In the days of General Artigas and of friend President Monroe, human society had, of course, little conception of the economic and social problems which we face today. None of the fathers of any of our Republics had even heard of an eight-hour day, of minimum wages, of protection for women and children, of collective bargaining between employers and employees, of old-age security, of modern sanitation, of concrete highways, of railroads or steel buildings. The fathers had no thought of the telegraph, the radio, the automobile, or of travel by fast steamships and by air. They knew little of the problems of modern science, of modern finance. And yet, you and I are very certain that if they were alive today the founders of our governments would look with approval on what we are seeking to do to use the processes of democratic government in solving the new problems. I recognize, as you do, that these new problems are common to all our nations. I am glad that you have said that we have been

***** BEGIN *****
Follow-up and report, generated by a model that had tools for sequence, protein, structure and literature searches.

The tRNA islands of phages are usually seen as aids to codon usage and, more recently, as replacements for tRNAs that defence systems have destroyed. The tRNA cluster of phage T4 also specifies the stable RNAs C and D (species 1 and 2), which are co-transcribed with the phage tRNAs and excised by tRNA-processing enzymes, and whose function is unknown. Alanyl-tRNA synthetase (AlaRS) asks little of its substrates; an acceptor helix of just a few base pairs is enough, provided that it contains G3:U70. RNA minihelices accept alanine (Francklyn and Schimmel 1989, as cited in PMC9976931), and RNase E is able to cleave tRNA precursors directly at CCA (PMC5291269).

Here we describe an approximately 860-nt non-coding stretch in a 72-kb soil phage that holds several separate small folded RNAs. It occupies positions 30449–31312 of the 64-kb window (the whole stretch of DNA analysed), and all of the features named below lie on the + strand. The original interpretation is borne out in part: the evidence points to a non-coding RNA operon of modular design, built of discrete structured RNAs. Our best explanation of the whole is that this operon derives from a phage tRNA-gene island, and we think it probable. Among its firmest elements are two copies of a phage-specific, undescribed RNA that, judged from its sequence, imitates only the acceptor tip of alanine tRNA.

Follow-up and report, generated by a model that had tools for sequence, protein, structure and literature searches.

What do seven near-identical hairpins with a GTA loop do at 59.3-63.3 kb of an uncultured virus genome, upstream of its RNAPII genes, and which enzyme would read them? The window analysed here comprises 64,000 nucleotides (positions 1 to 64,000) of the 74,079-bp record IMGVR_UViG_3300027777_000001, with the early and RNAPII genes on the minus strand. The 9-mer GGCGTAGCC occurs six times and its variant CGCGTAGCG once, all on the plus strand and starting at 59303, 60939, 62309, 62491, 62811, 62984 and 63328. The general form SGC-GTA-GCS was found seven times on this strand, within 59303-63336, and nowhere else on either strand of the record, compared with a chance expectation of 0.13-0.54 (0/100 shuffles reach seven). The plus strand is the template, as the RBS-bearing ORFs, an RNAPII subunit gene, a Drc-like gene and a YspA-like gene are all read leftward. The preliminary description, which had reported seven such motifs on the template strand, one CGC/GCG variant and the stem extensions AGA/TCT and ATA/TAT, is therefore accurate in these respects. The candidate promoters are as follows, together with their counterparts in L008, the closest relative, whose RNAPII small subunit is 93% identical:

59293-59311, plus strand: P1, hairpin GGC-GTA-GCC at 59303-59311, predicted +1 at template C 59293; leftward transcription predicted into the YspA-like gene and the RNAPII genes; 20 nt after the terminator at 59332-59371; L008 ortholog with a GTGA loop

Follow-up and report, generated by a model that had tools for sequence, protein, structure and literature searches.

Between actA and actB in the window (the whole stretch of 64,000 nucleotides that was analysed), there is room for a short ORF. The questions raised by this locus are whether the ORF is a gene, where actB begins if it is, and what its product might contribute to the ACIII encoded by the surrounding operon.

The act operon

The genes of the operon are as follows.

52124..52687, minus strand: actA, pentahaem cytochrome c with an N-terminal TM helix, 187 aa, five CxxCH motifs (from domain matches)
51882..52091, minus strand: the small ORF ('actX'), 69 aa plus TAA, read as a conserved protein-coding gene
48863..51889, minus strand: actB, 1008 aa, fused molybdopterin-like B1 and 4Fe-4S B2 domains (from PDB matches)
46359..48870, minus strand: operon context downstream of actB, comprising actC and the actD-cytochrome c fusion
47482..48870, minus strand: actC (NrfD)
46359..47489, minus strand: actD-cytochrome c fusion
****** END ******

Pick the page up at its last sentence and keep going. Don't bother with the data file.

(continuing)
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compelled to abandon the comfortable attitude of statesman of the old school. Every nation in all the world has been compelled to recognize the fact of new conditions. It is of the utmost importance that the nations of the New World have found it possible under vigorous leadership to find the answer within the spirit and the framework of constitutional government and democratic processes. We have not completed our task. In accordance with the objectives and theory of democratic government, that task is a continuing one. We seek new remedies for new conditions; new conditions will continue to arise: sometimes the remedies succeed, and sometimes they must be altered or improved. But the net result is that we move forward. We learn, and ought to learn, much from each other―much that is good and some things which, from experience, we must avoid. In the case of agriculture, for example, you are familiar with the fact that in the United States we did many things in the past which ran counter to the laws of nature and of sensible economics. In many parts of my country we have used land in such a way as to diminish its productiveness, we have harmed our supply of water, and we have lost our topsoil. Today our Government seeks to work with our farming population in correcting these mistakes and in bringing back a greater prosperity and a more permanent use of the land. I cite this as an example, which you undoubtedly know of, to show the need among all our Republics of keeping in close touch with each other, for many of our problems are similar. On this delightful visit to Brazil, Argentina, and Uruguay I have been impressed with the immediate need for better and quicker